In spite of months of strife and division, Spain overcame it on Sunday to win the Women’s World Cup, overcoming a player uprising that cost La Roja some of its greatest players even before the competition began.
A bright collection of young players shown the resilience and skill necessary to put all the issues to one side and win Spain’s first significant title despite the fact that one of the world’s strongest and most exciting teams was missing some important players.
But following their 1-0 victory over England in Sydney, the winners did not name their teammates who stayed at home as the world’s media clamoured for interviews.
Twelve of the 15 players who participated in the mutiny but were ultimately left off Spain’s World Cup roster made the decision to remain silent, refusing to participate in interviews and omitting all mention of the Women’s World Cup from their personal social media profiles.
For the players who informed the Spanish FA (RFEF) in September of last year that they were leaving the squad while longtime coach Jorge Vilda was in charge, there were no signals of encouragement, sympathy, or thanks. This caused tension in the locker room.
15 players wrote to RFEF President Luis Rubiales, requesting 15 modifications to the team’s organizational structure.
The campaign suffered because none of the players openly stated what their demands were, just denying that they had requested for Vilda to be dismissed, even though there was never any evidence of inappropriate behavior.
The RFEF supported Vilda during the most difficult times of the uprising, and he expelled the disputing players from his team.
Eight of the 15 withdrew a few months later, requesting to be reintegrated, but Vilda only had room for three of the players in his World Cup squad: Ona Battle, Mariona Caldentey, and best player of the competition Aitana Bonmati.
The 12 players excluded included well-known names like Sandra Panos, Patri Guijarro, Mapi Leon, and Claudia Pina, who were crucial to Barcelona’s successful Champions League winning campaign.
Through their agents, the players were reached by Reuters, but they declined to comment.
Carlota Planas, a Spanish agent, told Reuters that the uprising had a significant impact on Spain’s World Cup triumph. Planas also represents world champions Mariona Caldentey, Cata Coll, and four of the players who were left behind: Pina, Guijarro, Lola Gallardo, and Leila Aouhabi.
Planas remarked that the RFEF “certainly would not have even considered making any improvements at all without them and their bravery.”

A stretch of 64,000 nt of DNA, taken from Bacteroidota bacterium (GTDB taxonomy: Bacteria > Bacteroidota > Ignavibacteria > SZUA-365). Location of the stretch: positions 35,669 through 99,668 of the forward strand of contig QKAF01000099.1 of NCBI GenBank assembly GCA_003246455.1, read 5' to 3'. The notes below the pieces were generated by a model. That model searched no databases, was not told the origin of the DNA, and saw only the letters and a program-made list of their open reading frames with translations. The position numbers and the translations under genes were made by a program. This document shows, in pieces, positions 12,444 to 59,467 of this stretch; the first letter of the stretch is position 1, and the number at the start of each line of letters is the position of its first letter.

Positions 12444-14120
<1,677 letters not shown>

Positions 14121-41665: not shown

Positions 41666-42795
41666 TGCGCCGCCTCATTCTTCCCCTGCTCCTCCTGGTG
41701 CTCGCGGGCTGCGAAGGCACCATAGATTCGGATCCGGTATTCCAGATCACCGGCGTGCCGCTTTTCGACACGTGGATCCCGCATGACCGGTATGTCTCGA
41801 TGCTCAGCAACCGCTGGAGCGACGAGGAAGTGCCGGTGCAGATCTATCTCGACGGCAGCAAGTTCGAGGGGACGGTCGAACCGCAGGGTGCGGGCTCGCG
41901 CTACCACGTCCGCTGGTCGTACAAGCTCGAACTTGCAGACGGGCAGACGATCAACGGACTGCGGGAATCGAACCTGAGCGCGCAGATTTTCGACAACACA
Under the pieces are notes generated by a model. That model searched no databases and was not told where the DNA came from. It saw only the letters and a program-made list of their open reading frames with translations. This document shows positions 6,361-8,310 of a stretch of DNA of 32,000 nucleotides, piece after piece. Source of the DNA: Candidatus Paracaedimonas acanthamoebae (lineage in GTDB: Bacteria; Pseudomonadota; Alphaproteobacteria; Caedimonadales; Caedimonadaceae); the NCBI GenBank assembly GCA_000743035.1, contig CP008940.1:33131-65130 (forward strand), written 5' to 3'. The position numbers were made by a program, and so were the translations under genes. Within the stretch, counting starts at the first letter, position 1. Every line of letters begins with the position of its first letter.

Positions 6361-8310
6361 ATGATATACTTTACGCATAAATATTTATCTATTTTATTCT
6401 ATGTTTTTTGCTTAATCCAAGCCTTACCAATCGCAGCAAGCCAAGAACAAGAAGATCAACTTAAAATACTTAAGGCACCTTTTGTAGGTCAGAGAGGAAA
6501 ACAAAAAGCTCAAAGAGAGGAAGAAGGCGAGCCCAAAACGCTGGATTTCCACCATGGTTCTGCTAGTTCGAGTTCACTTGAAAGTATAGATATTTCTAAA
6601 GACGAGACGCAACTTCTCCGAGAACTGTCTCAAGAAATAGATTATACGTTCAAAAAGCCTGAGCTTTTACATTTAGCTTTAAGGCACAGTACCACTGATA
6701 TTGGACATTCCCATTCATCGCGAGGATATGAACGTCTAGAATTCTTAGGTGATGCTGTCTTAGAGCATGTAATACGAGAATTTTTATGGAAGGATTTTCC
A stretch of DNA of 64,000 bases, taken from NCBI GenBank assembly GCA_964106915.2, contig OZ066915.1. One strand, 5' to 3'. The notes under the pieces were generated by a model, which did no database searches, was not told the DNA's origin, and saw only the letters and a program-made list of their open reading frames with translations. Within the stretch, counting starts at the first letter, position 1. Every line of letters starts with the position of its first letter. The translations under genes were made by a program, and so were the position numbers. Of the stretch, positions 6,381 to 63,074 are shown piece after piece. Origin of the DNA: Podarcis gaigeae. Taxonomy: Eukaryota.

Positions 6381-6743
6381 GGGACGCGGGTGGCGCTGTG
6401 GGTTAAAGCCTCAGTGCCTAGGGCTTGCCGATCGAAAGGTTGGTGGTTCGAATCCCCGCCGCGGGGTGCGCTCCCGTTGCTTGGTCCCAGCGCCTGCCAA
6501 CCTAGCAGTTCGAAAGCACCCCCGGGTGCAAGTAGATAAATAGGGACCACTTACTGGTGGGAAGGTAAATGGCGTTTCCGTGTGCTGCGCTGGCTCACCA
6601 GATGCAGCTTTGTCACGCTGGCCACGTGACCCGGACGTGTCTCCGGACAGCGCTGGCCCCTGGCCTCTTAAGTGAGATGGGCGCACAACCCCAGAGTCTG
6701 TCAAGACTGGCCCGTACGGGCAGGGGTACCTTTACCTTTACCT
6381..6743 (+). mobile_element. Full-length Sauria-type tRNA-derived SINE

Some of their requests, such as changes in the rehabilitation department and better travel arrangements for them and their families, were granted. Their demands related to better working conditions.
According to Planas, some players were happy that some of the demands had been met and made apologies with the RFEF, but others did not change their minds and insisted that it was not enough.
After observing Spain’s triumphant championship defense from a distance, Planas described the mental condition of her clients as being “at peace with their decision because they believe it was the right thing to do.”
Everyone aspires to be world champions, but they also understand the gravity of the battle at hand.
Laia Aleixandri of Manchester City and Lucia Garcia of Manchester United are both represented by Marta Diaz of BePlayer Agency. Marta Diaz emphasized the importance of the mutiny in changing the Spanish FA for the better.
“The improvements and successes speak for themselves. The outcomes we are witnessing are made feasible by the new measures in combination with the players’ abilities, Diaz told Reuters.
“We have had some of the top players in the world on our team for a long time, but the RFEF will never acknowledge that following the media attention the matter received last year, it woke up, started to take a true interest in, and invested in, women’s football.
“The players are fighting a giant in a lost effort.
The players who gave everything up for a cause they believed in are still being attacked, insulted, and made fun of by many segments of society who are unwilling to stop stoking the embers of such an unfair conflict.